For just about as long as there has been money, people have found ways to steal it. And as sure as there will be money 25 years from now—at least in some form—white-collar crooks will still be plying their trade. But new technologies could create a world where, as one former law-enforcement official warns, "the sky's the limit in terms of what fraud you can commit."
Experts say the crimes themselves never change much. From basic frauds and Ponzi schemes to complex security breaches, money laundering and tax avoidance, there are only so many ways a crook can make a buck. When CNBC launched in 1989, junk bond king Michael Milken was defending himself against securities fraud charges in a sweeping insider-trading investigation. Twenty-five years later another Wall Street insider-trading crackdown—this one focusing on hedge funds—has ensnared 79 people and counting.
Now consider a world where an inside trader can get his information not from a human source inside a company but from an outside hacker who steals the data from the company's database in the cloud. He passes the information along through a series of hopelessly encrypted, undetectable instant messages. The illicit trade is completed in nanoseconds. The profits are collected in virtual currency. And the criminals live to trade—and steal—another day.
Consider a Ponzi schemer—a next-generation Bernie Madoff. Only this one is not a real person but a front for a rogue country, which can steal your money, spend it and launder it in the blink of an eye.
Welcome to white-collar crime, 2039.
"Just use your imagination in terms of what kind of fraud you want to commit," said Thomas G.A. Brown, who helped pioneer cyber investigations in the Manhattan U.S. Attorney's Complex Frauds Unit.
Brown, now a senior managing director at FTI Consulting, said the white-collar criminal of the future will have the ability to be faster and more anonymous than ever—creating the opportunity for "almost the perfect crime."
In fact, criminals have some of those abilities today.
"Cybercrime is not just the wave of the future, but it's taken off already," said E. Danya Perry, another former top deputy in the Manhattan U.S. Attorney's office, now in private practice. "I don't think we've really seen all the forms it can take yet."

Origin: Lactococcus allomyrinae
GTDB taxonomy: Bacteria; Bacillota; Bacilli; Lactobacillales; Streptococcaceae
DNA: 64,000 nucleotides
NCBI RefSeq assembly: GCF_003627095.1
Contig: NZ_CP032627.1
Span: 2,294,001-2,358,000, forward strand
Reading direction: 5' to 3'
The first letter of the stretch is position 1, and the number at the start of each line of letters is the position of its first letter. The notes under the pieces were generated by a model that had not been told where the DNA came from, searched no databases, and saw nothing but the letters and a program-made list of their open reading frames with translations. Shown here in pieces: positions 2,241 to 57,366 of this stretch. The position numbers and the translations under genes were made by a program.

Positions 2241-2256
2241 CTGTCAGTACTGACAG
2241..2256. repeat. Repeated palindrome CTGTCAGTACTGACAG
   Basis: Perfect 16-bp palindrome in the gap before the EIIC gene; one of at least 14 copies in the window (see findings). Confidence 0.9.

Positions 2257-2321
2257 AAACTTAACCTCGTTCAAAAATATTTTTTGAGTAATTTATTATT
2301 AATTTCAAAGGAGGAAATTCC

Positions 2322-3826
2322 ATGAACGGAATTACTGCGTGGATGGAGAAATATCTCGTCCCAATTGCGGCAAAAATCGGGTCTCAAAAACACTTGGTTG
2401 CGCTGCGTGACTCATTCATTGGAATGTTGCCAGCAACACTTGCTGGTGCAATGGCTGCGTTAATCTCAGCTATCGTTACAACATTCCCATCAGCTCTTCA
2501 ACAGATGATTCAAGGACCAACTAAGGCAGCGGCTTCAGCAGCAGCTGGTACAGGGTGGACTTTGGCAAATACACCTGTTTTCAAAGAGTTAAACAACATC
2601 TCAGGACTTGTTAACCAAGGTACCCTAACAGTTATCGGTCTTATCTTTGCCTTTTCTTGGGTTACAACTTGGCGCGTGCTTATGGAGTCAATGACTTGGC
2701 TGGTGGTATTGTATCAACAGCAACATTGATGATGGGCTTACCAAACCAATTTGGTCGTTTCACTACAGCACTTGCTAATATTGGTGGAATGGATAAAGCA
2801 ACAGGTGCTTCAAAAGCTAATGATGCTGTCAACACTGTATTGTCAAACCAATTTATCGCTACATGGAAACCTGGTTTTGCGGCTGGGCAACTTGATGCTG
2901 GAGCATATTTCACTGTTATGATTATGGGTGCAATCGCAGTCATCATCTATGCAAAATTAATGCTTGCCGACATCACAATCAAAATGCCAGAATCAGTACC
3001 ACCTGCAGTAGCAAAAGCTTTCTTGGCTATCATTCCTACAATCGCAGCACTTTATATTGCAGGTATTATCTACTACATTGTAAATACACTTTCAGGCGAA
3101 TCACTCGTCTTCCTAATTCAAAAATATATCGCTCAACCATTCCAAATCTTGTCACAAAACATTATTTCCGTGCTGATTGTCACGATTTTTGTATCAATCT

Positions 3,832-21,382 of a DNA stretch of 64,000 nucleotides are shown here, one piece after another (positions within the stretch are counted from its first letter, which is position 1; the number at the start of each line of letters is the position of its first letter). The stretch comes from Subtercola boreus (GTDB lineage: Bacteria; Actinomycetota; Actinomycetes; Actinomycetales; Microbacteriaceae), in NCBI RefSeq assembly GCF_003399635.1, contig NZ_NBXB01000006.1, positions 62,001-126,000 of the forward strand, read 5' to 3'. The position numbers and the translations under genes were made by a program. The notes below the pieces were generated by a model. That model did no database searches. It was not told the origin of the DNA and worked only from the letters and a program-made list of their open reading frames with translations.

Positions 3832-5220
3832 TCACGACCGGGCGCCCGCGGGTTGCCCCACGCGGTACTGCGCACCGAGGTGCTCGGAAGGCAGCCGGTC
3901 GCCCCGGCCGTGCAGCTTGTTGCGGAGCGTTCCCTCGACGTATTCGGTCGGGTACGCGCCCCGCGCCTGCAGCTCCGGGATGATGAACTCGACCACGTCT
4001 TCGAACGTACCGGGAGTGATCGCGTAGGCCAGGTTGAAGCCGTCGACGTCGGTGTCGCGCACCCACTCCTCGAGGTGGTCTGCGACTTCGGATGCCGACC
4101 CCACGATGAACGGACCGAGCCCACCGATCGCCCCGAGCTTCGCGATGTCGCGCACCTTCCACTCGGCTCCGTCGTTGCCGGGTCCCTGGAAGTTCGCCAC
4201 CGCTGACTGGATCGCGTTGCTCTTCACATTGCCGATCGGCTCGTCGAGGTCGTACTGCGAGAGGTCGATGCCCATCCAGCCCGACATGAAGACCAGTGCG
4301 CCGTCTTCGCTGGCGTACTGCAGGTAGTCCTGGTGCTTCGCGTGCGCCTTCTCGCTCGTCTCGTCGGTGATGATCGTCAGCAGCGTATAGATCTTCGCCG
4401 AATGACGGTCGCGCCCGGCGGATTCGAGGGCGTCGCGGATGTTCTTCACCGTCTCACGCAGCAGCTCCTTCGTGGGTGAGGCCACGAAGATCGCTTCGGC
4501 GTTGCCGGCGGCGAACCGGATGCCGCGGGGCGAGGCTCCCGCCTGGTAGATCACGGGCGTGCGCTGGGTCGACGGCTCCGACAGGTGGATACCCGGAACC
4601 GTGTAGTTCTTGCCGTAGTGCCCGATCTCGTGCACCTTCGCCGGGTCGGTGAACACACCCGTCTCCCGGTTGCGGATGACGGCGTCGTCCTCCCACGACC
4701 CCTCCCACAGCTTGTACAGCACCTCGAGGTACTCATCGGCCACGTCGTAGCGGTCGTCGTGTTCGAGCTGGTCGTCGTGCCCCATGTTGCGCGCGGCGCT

Cybercrime is already costing the U.S. economy as much as $120 billion a year and as much as $1 trillion globally, according to a study released in 2013 by McAfee and the Center for Strategic and International Studies. This, in a crime wave that is still relatively new.
Prosecutors got a glimpse into the future last year with the take-down of Silk Road—an underground website that authorities alleged was "the most sophisticated and extensive criminal marketplace on the Internet."
Although the focus of the Silk Road case is on the illegal drug trade, Brown of FTI Consulting said investigators found techniques that could "turbocharge financial crime going forward."
Chief among the emerging techniques is the use of bitcoin, the virtual currency that's already altering the global payment system.
"Bitcoin is very difficult to regulate," Brown said.
In the Silk Road case, which Brown helped build, the federal government has seized more than $33 million worth of bitcoin from the computers of the site's alleged founder, Ross William Ulbricht. But that's just a fraction of the $1.2 billion in sales the operation is accused of generating in less than three years. And tracing much of that money is next to impossible.
"Think of each bitcoin as the equivalent of a gold bar," Brown said. There is no way of knowing where that gold bar came from, and it's easy to cash in. "You can take it and run with it."
Even if investigators can trace bitcoin to a specific account, that move does not necessarily get them to the owner. "There is no requirement that you register a bitcoin account in your true name," Brown said.
Bitcoin is not the only virtual currency. Also in 2013, a federal grand jury in New York indicted Liberty Reserve—which trafficked in the currency known as LR. Authorities seized five Internet domains and sued 35 currency-exchange sites in what Manhattan U.S. Attorney Preet Bharara described as one of the largest international money-laundering prosecutions in history.
The white-collar crime implications of the virtual currency revolution are huge. For one, Brown said, the new money could make tax evasion easier than ever.
"I can engage in whatever transactions I want going forward and not pay any taxes, because no one knows what I'm doing," Brown said.
"The financial incentives are going to be so strong to be on the bad side of it," Perry said.
Just how regulators and law enforcement will push back on those incentives—and what agencies will lead the way—is still unclear.
In March the Internal Revenue Service issued its first guidance on virtual currencies such as bitcoin and LR.
"Virtual currency is treated as property for U.S. federal tax purposes," the IRS said in a March 25 notice. "A payment using virtual currency is subject to information reporting to the same extent as any other payment made in property," according to the notice.